Hand to Hold's Official Blog: Written by Parents for Parents

Dawn Z.’s Birth Story

My name is Dawn, and my daughter was born at 28 weeks gestation.

Our story started on August 30, 2012. I went for my routine 20 week check-up and ultrasound. I remember being excited because we were having it confirmed it was a girl. (Had a 14 week anatomy scan and from what they could see it was a girl). I brought my son and my grandmother with me. Things were going fine at first, then I noticed a change in the ultrasound tech’s face. She started asking me all kinds of questions. Did I have surgery on my cervix? Have I been having contractions or had I had any cramping? I answered no, no and no. Then she asked my grandmother and son to leave the room. She wanted to do an internal exam. While she doing the exam I could tell something was wrong with all the clicking on the machine. I asked her what was going on and she informed me I had cervix funneling. My response was, “What the hell is that?” She assured me the baby was fine, but my cervix was opening on the inside. I had 1.5cm of viable cervix left. After I finished with her I saw the doctor who confirmed everything I was told. He told me I needed bed rest for a week, pending the results of the fetal fibronectin test. Gave me a prescription for progesterone and set it up for me to get progesterone shots. The test came back positive and was put on strict bed rest only allowed up for doctors’ visits and ultrasounds.

The next 7.5 weeks were hard adjusting to my new life on bed rest. My husband took over all aspects of the housework and taking care of our son. I only left my house only for doctors’ appointments and ultrasounds. I received weekly progesterone shots and was lucky to receive 2 steroid shots in the process. While all this was going on my husband had started a new job.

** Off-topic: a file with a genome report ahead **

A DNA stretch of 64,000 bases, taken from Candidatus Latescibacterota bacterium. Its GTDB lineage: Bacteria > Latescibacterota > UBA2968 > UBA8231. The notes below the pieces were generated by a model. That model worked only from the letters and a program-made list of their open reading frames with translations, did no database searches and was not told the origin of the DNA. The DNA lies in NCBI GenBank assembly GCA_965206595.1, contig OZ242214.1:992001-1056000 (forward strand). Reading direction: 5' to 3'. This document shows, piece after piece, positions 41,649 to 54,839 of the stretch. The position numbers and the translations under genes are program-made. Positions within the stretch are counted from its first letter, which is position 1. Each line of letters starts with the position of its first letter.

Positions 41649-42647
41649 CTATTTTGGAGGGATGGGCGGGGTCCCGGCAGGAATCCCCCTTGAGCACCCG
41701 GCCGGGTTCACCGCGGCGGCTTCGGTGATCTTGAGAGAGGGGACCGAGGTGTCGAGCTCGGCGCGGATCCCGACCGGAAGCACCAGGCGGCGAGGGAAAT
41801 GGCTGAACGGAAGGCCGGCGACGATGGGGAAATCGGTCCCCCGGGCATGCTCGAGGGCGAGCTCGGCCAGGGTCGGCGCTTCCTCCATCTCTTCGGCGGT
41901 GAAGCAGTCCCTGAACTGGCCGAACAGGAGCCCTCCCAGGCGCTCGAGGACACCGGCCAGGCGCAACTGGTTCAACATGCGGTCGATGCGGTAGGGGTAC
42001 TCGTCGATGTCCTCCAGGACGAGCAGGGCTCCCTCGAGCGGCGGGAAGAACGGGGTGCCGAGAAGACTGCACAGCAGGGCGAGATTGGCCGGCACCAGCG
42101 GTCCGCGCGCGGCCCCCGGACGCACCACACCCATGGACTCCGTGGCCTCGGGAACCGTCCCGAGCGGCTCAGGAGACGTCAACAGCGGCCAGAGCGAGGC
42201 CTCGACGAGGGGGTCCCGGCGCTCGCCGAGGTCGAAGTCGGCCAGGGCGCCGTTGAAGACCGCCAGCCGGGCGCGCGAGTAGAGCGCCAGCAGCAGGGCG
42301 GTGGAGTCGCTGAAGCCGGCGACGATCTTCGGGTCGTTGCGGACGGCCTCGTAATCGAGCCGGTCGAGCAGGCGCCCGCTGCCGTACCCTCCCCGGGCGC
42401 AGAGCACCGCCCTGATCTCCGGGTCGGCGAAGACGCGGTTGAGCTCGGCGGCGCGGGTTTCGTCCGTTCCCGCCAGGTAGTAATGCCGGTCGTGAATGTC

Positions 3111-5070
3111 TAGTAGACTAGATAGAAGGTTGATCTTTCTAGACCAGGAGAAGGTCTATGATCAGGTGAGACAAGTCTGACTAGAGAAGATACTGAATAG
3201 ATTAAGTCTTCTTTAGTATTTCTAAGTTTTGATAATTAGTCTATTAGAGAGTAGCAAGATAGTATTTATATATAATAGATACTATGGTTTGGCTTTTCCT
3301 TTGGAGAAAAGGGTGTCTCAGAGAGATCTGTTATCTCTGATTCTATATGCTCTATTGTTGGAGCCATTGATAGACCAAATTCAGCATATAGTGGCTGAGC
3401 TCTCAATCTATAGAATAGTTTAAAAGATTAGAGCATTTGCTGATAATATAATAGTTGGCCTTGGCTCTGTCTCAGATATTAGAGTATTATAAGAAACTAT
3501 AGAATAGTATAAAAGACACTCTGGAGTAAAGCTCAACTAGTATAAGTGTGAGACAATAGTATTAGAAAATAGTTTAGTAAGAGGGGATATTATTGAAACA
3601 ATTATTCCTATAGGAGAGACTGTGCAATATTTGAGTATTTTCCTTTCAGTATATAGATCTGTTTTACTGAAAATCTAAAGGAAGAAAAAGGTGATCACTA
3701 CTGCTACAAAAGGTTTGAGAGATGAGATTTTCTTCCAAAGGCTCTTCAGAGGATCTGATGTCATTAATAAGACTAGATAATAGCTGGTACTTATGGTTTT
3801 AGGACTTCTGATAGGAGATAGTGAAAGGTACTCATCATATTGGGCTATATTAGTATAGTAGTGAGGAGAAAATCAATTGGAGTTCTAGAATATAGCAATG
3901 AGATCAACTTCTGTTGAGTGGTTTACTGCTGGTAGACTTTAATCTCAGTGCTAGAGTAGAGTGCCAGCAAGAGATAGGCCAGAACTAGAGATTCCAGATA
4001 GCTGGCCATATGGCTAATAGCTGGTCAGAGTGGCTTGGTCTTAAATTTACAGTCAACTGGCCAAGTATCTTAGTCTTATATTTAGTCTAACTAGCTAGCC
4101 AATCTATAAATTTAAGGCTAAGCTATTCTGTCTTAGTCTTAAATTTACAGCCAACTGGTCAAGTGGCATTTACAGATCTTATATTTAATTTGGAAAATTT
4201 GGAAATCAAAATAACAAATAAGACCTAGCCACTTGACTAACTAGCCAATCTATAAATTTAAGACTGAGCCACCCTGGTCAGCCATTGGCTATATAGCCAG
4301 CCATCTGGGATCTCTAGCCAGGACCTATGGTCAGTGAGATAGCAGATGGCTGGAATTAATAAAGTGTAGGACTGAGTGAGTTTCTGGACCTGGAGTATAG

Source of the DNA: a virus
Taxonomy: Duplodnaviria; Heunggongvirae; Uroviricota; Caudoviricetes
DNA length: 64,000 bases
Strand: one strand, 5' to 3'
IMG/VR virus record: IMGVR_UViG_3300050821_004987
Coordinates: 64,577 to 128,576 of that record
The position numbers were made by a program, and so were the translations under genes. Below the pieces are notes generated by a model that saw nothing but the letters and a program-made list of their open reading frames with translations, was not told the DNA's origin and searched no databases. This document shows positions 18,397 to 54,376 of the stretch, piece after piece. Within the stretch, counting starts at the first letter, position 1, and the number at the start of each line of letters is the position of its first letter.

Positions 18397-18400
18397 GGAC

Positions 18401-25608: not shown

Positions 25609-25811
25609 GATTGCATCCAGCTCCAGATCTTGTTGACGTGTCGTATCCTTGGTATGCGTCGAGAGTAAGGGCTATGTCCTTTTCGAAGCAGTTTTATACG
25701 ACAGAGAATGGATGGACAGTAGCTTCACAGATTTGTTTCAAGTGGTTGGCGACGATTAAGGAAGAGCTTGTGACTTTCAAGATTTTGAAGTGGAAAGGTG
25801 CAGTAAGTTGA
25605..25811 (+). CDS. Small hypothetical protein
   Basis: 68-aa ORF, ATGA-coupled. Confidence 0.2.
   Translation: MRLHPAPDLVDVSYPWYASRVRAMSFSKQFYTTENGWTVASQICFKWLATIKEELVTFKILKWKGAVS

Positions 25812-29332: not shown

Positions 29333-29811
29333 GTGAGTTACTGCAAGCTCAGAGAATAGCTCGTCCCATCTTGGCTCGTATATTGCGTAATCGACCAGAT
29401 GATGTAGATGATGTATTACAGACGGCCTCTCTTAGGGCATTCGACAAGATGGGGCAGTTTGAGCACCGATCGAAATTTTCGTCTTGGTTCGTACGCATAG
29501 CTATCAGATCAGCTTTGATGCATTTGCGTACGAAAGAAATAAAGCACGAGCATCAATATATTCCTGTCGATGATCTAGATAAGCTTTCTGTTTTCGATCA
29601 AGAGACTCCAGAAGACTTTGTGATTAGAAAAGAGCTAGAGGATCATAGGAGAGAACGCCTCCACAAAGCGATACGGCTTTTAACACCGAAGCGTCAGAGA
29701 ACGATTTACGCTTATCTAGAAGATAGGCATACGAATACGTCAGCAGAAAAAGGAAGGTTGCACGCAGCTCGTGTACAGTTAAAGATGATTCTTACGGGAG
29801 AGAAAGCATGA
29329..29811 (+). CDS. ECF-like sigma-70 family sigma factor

Then, on Tuesday October 23 our whole world changed. I woke up at 4:00am having to go to the bathroom. I wasn’t feeling too well and went back to lie down. At 4:30am, I felt my first contraction then 3 minutes later another, then 3 minutes later another. My husband woke up at 5:00am and I told him what was going on. I called the doctor, who then told me to head right over to the emergency room. 
We arrived at the hospital and I was given 3 shots, 2 pills and then a magnesium drip to stop the contractions. Nothing stopped them. They told me that I was going to have to be transferred to another hospital about 45 minutes away. 
An ambulance came and took me to the next hospital. They checked me and confirmed that my membranes ruptured and they were not going to stop the baby from coming. So many things were going through my head. I couldn’t really grasp what was going on. Was this really happening now? 
They moved me over to L&D, and as the hours passed, I was put on 4 antibiotics, insulin and more magnesium. (If you’ve ever had magnesium you know that it feels like – your whole body is on fire.) With the contractions every 3-4 minutes the nurses asked if I wanted an epidural. I told them I did not want any more drugs in my body. Finally at 10:30pm that night the contractions stopped.